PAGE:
The ransomware epidemic hitting UK businesses is leading many to increase their prices, adding to already high inflation, new data from Veeam has warned.
The data protection firm surveyed 100 directors of UK businesses with over 500 employees that had been successfully compromised at least once by ransomware in the past 18 months.
It found that large companies had to increase costs to customers by an average of 17% following an attack. Over a fifth (22%) of respondents said they increased prices by 21-30%, while 6% increased prices by 31-40%. Just 1% of companies were able to keep prices the same following a ransomware compromise.
Inflation in the UK is among the highest in Europe, standing at 4.6% in October.
Veeam claimed that three-quarters (76%) of UK firms fell victim to a ransomware attack last year.
However, it’s not just prices that are being impacted by these breaches. Veeam also found that 78% of UK businesses reduced staff numbers following an incident, with nearly half (47%) doing so in the first six months.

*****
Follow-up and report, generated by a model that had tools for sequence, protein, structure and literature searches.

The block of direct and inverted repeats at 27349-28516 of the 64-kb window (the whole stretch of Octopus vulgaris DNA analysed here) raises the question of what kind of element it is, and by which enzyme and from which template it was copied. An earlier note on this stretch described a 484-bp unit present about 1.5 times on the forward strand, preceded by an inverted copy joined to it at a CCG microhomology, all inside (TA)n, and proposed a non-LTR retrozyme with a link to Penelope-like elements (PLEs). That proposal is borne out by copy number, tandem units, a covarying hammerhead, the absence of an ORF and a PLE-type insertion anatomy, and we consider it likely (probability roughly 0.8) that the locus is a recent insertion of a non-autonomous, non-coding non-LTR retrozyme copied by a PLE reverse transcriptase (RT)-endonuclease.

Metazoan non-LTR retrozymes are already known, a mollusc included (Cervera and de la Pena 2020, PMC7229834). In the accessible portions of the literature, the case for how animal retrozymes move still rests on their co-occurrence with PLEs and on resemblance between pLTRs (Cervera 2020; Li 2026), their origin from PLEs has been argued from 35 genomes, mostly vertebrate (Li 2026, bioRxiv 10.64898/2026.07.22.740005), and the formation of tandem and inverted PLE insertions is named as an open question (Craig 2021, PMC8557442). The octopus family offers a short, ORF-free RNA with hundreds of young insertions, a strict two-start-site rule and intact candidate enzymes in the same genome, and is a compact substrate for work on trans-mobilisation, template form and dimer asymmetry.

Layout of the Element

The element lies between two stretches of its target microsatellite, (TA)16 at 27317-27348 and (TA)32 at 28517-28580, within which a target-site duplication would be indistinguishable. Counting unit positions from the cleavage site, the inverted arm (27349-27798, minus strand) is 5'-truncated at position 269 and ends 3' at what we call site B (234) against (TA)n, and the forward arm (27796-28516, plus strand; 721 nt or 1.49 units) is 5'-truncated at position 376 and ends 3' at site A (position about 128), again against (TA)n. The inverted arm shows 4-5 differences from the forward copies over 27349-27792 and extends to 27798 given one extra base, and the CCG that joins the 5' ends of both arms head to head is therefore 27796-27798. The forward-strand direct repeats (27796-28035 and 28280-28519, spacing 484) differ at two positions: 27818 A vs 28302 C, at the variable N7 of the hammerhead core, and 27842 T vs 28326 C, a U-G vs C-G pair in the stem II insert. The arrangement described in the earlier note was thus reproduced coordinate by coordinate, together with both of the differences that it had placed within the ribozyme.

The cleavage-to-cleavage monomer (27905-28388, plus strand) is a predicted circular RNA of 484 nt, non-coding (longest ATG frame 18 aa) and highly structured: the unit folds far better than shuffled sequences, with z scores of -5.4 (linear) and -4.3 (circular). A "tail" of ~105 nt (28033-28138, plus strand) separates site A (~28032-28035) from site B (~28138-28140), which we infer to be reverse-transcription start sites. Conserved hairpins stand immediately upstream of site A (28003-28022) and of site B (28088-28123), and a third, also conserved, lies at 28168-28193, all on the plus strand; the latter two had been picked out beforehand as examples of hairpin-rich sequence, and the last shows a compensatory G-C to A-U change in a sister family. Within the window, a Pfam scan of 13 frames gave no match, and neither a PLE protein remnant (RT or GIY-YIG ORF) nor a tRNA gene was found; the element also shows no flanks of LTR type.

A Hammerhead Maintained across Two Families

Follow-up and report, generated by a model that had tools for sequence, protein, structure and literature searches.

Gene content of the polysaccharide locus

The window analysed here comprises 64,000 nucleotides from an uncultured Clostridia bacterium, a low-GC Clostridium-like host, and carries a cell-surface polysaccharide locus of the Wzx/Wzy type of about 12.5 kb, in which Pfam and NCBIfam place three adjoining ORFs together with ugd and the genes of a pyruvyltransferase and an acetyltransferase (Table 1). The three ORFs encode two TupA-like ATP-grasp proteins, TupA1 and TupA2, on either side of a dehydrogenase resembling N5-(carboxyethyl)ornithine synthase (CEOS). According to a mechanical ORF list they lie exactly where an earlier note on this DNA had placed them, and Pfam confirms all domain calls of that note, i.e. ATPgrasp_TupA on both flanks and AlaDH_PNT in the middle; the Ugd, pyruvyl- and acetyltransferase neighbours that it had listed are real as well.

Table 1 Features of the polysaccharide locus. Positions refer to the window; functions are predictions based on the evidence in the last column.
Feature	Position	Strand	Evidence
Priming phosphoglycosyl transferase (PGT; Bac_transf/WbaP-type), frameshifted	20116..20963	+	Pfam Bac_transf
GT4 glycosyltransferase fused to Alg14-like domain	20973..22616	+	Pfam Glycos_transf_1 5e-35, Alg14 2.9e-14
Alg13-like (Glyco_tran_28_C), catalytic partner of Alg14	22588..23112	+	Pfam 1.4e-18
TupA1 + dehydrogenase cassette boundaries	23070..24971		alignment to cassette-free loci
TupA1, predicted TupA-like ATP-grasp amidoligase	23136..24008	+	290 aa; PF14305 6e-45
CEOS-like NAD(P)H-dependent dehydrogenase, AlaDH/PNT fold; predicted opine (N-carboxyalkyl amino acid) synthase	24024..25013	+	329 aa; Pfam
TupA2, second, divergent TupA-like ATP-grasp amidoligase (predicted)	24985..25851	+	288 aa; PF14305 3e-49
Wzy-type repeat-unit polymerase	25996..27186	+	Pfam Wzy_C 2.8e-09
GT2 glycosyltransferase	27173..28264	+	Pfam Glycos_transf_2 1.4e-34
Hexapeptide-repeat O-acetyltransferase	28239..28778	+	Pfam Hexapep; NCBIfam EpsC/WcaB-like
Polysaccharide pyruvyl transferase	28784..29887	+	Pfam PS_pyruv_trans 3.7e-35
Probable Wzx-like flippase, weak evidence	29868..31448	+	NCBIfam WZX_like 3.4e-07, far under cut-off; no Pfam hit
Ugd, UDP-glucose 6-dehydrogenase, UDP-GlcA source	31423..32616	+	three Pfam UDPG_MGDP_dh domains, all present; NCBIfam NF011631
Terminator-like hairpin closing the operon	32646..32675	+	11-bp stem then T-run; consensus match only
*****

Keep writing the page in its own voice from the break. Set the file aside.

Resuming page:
Breached organizations claimed they had to cut operating costs by an average of 17%, with 11% of respondents doing so by 21% or more.
Directors are concerned that even worse may befall their business if they suffer another serious ransomware attack. Some 70% claimed their business would have to close if they were hit with another security breach, and even more (78%) revealed that a previous organization they worked for went bust within a year of an attack.
It took responding organizations on average two months to recover from a ransomware attack, with 16% taking between three and six months.
“Ransomware has become an unfortunate part of the business landscape, but despite the worrying nature of these findings, it doesn’t have to equate to business closure or rising costs,” argued Veeam’s VP of UK and Ireland, Dan Middleton.
“Understanding that ransomware and other data disruptions are inevitable will help businesses take the necessary steps – such as investing in immutable backups – to recover their data quickly, safely and reliably when needed. Achieving this level of radical resilience will remove the need to make impossible choices such as increasing costs or layoffs.”